30Page 31
granted the Environmental Clearance on 16.01.1995. The
notification dated 27.01.1994, however, was amended by
notification dated 10.04.1997 and it was provided in clause
(c) of Para 2 of the notification that the Impact Assessment
Agency shall conduct a public hearing and the procedure for
public hearing was detailed in Schedule IV to the notification
by the amendment notification dated 10.04.1997.
Admittedly, in this case, the environmental clearance was
granted by the Ministry of Environment, Government of
India, on 16.01.1995 in accordance with the procedure laid
down by notification dated 27.01.1994 well before the
notification dated 10.04.1997 providing for mandatory public
hearing in accordance with the procedure laid down in
Schedule IV. As there was no mandatory requirement in the
procedure laid down under the Environment (Protection) Act,
1986 and the Environment (Protection) Rules, 1986 and the
notifications dated 27.01.1994 as amended by notification
dated 04.05.1994 that a public hearing has to be conducted
before grant of environmental clearance, the High Court
could not have allowed the writ petitions challenging the
31Page 32
environmental clearances on the ground that no public
hearing was conducted before grant of the environmental
clearances.
25. An Explanatory Note regarding the EIA notification
dated 27.01.1994 was also issued by the Central
Government and Para 5 of the Explanatory Note clarified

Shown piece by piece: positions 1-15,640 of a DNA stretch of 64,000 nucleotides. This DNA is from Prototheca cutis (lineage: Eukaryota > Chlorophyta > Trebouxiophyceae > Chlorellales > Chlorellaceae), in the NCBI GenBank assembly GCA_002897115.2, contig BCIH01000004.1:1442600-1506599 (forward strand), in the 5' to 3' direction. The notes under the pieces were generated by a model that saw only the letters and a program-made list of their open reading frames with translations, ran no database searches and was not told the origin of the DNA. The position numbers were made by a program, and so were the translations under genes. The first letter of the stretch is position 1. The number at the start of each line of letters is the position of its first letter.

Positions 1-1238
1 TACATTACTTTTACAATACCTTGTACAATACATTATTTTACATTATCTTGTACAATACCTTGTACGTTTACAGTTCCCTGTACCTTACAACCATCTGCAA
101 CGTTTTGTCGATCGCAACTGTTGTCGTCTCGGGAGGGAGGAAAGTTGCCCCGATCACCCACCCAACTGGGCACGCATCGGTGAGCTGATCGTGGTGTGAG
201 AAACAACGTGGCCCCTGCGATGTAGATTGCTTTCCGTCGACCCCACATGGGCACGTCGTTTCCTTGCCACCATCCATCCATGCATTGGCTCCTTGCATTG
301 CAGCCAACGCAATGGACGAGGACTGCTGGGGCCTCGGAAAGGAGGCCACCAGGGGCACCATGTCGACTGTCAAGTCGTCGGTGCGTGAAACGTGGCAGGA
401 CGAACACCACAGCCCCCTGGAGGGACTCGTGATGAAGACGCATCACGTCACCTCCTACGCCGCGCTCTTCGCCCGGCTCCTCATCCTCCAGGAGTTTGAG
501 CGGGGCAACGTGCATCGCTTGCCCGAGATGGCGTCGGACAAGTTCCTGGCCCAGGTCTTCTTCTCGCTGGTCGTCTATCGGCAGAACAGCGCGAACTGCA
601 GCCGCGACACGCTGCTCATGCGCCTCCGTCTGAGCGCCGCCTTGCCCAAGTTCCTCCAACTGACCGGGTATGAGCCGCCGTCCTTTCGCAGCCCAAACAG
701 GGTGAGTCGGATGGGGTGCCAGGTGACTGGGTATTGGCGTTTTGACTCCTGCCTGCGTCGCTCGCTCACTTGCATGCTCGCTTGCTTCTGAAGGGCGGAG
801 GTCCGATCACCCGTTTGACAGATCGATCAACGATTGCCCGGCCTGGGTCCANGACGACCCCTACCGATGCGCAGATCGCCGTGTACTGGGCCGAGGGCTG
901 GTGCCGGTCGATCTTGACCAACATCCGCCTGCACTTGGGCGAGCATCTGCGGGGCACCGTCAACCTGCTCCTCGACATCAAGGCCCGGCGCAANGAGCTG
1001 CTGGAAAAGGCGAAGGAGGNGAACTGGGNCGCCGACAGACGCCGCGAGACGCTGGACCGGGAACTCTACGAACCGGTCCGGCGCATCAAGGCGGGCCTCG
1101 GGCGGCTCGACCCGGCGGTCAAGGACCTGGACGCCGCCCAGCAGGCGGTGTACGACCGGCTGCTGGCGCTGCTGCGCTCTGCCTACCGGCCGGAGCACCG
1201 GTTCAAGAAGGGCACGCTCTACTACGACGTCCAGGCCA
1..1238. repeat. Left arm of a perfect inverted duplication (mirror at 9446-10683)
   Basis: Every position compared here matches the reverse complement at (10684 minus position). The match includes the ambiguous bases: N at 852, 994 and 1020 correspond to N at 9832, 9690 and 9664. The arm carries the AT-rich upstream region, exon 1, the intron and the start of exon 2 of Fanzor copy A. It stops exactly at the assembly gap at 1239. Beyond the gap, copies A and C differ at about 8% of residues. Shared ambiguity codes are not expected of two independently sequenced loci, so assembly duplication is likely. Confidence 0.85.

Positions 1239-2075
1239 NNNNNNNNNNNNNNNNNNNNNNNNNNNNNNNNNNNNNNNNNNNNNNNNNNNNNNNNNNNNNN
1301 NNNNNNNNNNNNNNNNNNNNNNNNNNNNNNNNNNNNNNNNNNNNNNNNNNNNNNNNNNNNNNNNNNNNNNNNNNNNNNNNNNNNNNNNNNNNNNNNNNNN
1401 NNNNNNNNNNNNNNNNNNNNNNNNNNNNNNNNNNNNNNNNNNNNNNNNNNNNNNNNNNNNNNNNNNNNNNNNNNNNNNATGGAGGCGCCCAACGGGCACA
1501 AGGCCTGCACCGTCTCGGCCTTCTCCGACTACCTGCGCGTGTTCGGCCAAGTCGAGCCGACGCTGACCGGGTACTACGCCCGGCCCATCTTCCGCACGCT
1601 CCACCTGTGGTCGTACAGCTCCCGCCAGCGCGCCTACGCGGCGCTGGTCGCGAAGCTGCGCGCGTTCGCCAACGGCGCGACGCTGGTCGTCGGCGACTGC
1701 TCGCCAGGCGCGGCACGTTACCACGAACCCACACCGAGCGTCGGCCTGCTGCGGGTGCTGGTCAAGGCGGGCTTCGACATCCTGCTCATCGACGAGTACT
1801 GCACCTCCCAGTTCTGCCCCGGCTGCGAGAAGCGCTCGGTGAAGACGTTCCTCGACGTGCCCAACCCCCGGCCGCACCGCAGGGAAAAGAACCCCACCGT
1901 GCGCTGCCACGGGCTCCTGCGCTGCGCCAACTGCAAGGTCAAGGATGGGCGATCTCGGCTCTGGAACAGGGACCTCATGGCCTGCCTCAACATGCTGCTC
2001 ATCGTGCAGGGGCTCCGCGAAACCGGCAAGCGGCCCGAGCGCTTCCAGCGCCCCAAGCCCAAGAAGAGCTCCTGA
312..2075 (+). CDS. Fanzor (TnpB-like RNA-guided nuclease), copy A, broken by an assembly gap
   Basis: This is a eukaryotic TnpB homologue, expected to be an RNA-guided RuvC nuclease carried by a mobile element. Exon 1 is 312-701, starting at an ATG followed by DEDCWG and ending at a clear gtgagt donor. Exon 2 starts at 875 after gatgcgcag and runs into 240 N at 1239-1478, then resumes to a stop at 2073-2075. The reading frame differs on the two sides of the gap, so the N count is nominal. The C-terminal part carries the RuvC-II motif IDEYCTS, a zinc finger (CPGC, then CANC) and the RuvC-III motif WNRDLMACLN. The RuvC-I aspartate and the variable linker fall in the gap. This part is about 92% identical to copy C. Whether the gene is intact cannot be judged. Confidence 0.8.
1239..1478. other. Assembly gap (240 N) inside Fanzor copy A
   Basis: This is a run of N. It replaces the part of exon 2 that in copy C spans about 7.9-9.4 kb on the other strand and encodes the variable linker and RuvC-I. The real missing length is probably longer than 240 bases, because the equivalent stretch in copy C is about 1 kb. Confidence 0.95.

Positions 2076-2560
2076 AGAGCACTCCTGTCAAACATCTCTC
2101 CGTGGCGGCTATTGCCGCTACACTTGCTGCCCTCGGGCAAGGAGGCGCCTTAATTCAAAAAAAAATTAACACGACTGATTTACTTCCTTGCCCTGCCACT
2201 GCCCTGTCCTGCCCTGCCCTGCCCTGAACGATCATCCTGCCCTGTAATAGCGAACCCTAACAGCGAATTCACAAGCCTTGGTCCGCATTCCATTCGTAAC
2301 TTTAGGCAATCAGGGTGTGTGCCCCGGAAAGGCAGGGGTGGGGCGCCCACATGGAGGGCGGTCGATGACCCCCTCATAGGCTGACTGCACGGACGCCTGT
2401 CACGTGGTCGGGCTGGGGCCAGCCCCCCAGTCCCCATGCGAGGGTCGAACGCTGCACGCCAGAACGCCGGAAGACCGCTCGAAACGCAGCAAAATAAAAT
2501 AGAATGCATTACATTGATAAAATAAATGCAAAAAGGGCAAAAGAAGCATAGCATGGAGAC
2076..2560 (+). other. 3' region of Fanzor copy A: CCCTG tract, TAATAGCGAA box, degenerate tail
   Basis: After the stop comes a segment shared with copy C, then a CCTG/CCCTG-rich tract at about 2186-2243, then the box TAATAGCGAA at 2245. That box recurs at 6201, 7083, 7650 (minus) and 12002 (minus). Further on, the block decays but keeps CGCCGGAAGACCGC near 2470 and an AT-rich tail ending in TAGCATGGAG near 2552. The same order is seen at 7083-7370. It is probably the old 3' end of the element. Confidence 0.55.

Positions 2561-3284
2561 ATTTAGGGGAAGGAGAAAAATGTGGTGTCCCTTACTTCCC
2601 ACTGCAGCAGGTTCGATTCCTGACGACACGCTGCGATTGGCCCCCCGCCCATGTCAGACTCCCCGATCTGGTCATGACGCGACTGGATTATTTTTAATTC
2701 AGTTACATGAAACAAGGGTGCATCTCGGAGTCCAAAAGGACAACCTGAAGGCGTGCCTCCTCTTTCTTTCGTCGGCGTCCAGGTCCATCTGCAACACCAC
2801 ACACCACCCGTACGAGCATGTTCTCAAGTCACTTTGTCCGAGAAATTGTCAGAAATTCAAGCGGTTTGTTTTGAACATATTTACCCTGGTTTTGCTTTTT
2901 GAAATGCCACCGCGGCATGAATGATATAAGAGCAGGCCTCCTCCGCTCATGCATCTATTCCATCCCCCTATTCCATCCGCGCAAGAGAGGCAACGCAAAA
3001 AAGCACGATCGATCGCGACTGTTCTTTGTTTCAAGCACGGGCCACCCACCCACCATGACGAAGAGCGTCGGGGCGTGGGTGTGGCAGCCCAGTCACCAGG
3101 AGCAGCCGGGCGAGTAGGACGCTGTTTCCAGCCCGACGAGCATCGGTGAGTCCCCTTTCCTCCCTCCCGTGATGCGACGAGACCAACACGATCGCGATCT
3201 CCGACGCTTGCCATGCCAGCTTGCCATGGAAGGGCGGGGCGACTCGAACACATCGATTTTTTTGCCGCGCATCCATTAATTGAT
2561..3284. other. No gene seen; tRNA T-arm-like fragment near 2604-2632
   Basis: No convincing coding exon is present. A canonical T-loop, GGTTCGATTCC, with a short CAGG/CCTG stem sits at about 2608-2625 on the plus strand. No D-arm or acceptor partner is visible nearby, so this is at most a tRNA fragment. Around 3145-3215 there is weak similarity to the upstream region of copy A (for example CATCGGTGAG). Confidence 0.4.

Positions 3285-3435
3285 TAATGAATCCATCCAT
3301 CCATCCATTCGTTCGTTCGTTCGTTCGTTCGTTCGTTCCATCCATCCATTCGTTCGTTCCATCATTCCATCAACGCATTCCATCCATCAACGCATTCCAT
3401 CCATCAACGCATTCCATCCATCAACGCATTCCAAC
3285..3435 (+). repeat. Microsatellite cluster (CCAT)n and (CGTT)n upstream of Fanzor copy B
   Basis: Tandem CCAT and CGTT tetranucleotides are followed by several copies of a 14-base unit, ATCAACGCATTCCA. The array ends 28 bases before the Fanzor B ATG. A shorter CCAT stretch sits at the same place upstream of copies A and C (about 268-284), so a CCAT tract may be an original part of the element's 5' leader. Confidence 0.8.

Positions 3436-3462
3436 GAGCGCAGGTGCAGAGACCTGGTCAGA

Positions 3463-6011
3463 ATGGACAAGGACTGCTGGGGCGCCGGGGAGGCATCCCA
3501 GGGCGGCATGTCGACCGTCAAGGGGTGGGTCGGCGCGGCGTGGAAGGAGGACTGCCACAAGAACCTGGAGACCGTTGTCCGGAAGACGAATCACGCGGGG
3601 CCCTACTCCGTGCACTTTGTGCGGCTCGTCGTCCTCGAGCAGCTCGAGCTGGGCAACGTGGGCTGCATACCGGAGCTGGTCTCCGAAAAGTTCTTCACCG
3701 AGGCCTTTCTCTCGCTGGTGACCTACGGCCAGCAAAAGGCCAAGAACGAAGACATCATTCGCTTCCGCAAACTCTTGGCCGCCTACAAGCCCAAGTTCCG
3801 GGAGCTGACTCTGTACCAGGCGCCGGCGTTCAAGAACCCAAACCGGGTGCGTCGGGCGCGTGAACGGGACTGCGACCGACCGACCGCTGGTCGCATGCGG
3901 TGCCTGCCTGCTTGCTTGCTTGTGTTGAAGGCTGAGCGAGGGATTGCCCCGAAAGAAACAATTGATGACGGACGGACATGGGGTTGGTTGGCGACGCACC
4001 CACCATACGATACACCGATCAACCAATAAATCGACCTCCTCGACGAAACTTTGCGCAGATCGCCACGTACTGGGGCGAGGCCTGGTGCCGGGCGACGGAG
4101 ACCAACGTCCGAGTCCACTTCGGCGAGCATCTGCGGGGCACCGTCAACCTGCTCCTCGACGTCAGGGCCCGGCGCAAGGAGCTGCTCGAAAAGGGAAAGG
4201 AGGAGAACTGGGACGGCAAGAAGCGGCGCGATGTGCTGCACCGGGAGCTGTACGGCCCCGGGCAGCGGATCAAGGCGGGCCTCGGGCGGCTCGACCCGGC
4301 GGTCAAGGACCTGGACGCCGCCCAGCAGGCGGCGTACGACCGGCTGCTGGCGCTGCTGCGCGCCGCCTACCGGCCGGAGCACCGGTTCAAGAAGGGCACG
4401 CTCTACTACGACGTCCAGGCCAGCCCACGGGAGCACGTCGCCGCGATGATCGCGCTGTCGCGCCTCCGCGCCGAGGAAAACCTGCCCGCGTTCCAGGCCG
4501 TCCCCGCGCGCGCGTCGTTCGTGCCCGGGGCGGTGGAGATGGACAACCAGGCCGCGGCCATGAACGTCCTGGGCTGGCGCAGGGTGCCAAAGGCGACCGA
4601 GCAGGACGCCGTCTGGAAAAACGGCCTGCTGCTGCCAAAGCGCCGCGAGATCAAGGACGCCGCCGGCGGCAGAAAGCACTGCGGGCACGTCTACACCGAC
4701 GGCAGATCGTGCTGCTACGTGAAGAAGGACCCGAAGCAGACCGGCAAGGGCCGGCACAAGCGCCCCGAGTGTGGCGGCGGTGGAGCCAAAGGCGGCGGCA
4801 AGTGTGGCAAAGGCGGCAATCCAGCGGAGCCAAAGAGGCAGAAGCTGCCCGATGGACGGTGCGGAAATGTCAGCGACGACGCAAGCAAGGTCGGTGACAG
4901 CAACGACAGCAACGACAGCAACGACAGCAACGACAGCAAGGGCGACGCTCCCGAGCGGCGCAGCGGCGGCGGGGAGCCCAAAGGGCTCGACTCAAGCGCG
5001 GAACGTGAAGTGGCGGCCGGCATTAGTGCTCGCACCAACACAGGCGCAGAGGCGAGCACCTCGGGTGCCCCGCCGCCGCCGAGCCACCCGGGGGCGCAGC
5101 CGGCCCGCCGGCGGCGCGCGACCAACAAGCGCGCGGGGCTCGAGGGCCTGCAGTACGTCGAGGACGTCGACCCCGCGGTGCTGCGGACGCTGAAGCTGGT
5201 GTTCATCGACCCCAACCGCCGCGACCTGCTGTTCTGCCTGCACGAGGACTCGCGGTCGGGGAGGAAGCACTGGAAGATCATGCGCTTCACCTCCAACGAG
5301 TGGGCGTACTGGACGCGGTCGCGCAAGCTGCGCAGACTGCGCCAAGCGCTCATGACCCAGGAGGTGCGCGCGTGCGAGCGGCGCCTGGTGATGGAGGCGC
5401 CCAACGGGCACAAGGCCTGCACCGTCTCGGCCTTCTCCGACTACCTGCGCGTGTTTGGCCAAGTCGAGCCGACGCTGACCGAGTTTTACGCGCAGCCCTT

that project proponents could furnish Rapid EIA report to the
Impact Assessment Agency based on one season data, for
examination of the project and Comprehensive EIA report
may be submitted later, if so asked for by the Impact
Assessment Agency and this was permitted where
Comprehensive EIA report would take at least one year for
its preparation. In Para 5 of the affidavit filed by the Union
of India before the High Court in Writ Petition Nos.15501 to
15503 of 1996, the allegation of the writ petitioner that the
Ministry of Environment and Forests have accorded
environmental clearance without applying its mind and
without making any analysis of the adverse impacts on the
marine ecological system has been denied and it has been
further stated that after detailed examination of Rapid
32Page 33
EIA/EMP, filled in Questionnaire for industrial projects, NOC
from State Pollution Control Board and Risk Analysis, the
project was examined as per the procedure laid down in the
EIA notification dated 27.01.1994 (as amended on
04.05.1994) and the project was accorded approval on
16.01.1995 subject to specific conditions. As the procedure
laid down under the Environment (Protection) Act, 1986 and
the Environment (Protection) Rules, 1986 and the
notifications dated 27.01.1994 as amended by notification
dated 04.05.1994 and as explained by the Explanatory Note
issued by the Government of India permitted Rapid EIA in
certain circumstances, the High Court could not have
allowed the writ petitions on the ground that environmental
clearance was issued to the appellant-company on the basis
of inadequate Rapid EIA, particularly when the Union of India
in its affidavit had clearly averred that the environmental
clearance was granted after detailed examination of Rapid
EIA/EMP, filled in Questionnaire for industrial projects, NOC
from State Pollution Control Board and Risk Analysis in